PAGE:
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Fluid Journal : Fluid Journal 1993-1995
Winter 1995 40-year loss (bu/A) 40-year loss ($/A)1 Crop 1 Assumes 20 ton/A/year soil loss over 40 years = 6 inches/40 years 260 240 220 200 180 160 140 120 1,200 1,000 800 600 400 200 Wheat Sorghum Soybeans Figure 2. Influence of topsoil erosion on cumulative yield and profit loss, Havlin et al., 1994. Table 1. Water-use efficiency, conventional vs. conservation-till. Bu/A of rain USA avg. 3.5 Conventional-till 5.0 Conservation-till 7.0 High yielder 11.0 0-3" "ABC" Soil Probe 3-12" 12-24" A B C and soybeans grown on five Kansas soils over six years. Results indicated that grain yields significantly decreased with decreasing topsoil depth (Figure 1). Yield losses as high as 2 bu/A per inch of topsoil lost resulted. Profit losses were as high as $51/A in the first 6 inches of topsoil eroded. Data in Figure 1 can be used to project the cumulative yield and profit loss associated with long-term soil erosion. Let's assume that 6 inches of topsoil eroded over 40 years, representing an annual soil loss of 0.15 inches/A/year (Figure 2). As can be seen, using 1990 market prices with deficiency payments, cumulative profit loss over a 40-year span could run as high as $1,027/A. These cumulative profit losses are similar to current land prices in Kansas, thus, if soil erosion had not occurred the pro- ducer would have had sufficient revenue to pay for the land. Water management Water frequently limits crop yield potential, which is especially true as we move from the Midwest to the Great Plains. Unfortunately, water management is seldom the highest management priority, ranking behind variety selection and fertility. After water, fertility and pests usually become the next most yield- limiting factors. Growers are reducing water runoff and evaporation, and increasing water infiltration by maintaining surface crop residue cover (reducing tillage intensity). The water loss reductions and increased infiltration are essential to increasing stored soil water. Reduced-till systems almost always improve water-use efficiency (Table 1). Evaluating the different sources of plant-available water is important in understanding where the investment in water conservation provides the greatest return. Water stored in the soil profile is potentially 100 percent available to the next crop. Therefore, any soil profile water left after harvest must not be lost. The major losses of stored water during non-crop periods occur through weed growth and evaporation from the soil. The amount of rain that infiltrates the soil greatly increases with standing residue. Rain falling on a bare soil, for example, can seal off the soil surface within 30 minutes. As little as 0.5 inch of rainfall can seal the surface of a bare soil. Once sealed, infiltration slows or ceases and water begins to run off. Surface residue cover can increase the time for infiltration by two- or threefold, greatly reducing runoff and soil loss by erosion. Nutrient management Soil testing. Obtaining profitable crop yields, minimizing water- and nutrient-use efficiency, and minimizing environmental impacts of nutrient use require regular soil testing. Soil testing is the best method available to accurately determine nutrient availability and provide a guideline for optimum fertilization. Soil sampling under reduced-till presents a special problem that should be addressed. Since the land is no longer mixed with a moldboard plow, nutrient stratification can occur (Table 2). Thus, immobile elements such as phosphorus, potassium, and zinc may concentrate Figure 3. ABC method of sampling.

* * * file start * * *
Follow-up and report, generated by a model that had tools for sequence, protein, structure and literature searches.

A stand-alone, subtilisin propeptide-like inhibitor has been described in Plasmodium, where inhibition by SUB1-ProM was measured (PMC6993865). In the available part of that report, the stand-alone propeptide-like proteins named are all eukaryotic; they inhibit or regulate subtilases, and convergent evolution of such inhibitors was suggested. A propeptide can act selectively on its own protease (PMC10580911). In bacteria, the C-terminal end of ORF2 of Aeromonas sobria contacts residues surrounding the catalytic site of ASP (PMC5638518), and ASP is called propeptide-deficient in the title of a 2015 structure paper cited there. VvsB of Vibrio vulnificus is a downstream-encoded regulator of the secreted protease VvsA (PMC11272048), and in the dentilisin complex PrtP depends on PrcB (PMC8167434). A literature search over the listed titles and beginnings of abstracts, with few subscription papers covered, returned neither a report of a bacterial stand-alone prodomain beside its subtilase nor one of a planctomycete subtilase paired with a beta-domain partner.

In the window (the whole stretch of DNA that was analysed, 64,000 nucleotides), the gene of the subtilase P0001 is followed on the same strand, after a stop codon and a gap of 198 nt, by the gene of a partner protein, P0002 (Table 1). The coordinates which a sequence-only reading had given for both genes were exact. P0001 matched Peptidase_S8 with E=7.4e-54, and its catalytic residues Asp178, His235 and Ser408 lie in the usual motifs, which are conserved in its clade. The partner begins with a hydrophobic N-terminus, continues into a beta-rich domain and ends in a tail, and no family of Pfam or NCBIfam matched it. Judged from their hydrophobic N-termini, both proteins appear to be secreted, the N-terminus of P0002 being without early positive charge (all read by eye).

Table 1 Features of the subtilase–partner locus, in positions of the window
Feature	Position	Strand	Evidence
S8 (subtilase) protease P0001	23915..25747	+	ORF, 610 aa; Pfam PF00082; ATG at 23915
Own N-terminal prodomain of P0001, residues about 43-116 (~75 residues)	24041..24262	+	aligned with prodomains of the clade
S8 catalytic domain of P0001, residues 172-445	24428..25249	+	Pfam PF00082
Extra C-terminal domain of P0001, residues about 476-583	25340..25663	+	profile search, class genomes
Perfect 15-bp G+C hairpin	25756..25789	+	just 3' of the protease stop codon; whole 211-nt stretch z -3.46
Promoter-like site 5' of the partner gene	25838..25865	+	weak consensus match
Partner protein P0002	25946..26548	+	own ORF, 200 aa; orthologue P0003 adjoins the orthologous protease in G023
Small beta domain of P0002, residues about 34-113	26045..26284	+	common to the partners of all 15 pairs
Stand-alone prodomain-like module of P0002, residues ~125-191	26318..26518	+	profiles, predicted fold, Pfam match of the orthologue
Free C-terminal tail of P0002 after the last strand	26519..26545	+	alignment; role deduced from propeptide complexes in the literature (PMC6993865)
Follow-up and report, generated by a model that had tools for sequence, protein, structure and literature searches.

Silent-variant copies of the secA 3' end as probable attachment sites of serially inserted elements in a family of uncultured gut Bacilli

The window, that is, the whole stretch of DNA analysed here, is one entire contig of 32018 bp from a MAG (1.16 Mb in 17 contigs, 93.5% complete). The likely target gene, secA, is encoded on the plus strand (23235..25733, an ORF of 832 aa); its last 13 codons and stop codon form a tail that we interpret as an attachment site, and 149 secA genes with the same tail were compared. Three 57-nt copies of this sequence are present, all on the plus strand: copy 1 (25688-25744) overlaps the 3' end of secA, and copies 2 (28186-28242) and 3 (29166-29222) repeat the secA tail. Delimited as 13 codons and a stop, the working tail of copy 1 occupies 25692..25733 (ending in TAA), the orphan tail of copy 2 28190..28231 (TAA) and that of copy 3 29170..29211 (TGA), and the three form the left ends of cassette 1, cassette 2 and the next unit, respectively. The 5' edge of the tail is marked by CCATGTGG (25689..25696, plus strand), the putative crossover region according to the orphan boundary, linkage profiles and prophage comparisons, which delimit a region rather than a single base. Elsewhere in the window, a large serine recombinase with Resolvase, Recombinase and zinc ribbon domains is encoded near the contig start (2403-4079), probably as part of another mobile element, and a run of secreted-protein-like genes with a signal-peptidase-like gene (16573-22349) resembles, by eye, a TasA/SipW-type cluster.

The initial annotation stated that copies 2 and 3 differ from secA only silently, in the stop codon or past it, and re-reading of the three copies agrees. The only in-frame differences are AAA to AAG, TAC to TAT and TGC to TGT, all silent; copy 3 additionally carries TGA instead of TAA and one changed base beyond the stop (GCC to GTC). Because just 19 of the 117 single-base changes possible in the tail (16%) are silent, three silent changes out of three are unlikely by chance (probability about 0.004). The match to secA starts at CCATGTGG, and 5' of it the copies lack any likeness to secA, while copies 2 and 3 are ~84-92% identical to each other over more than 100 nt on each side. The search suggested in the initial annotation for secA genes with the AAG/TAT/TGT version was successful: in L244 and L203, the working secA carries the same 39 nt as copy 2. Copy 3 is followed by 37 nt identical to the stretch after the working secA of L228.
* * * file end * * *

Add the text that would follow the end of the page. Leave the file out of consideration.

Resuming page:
Fluid Journal 1996-1998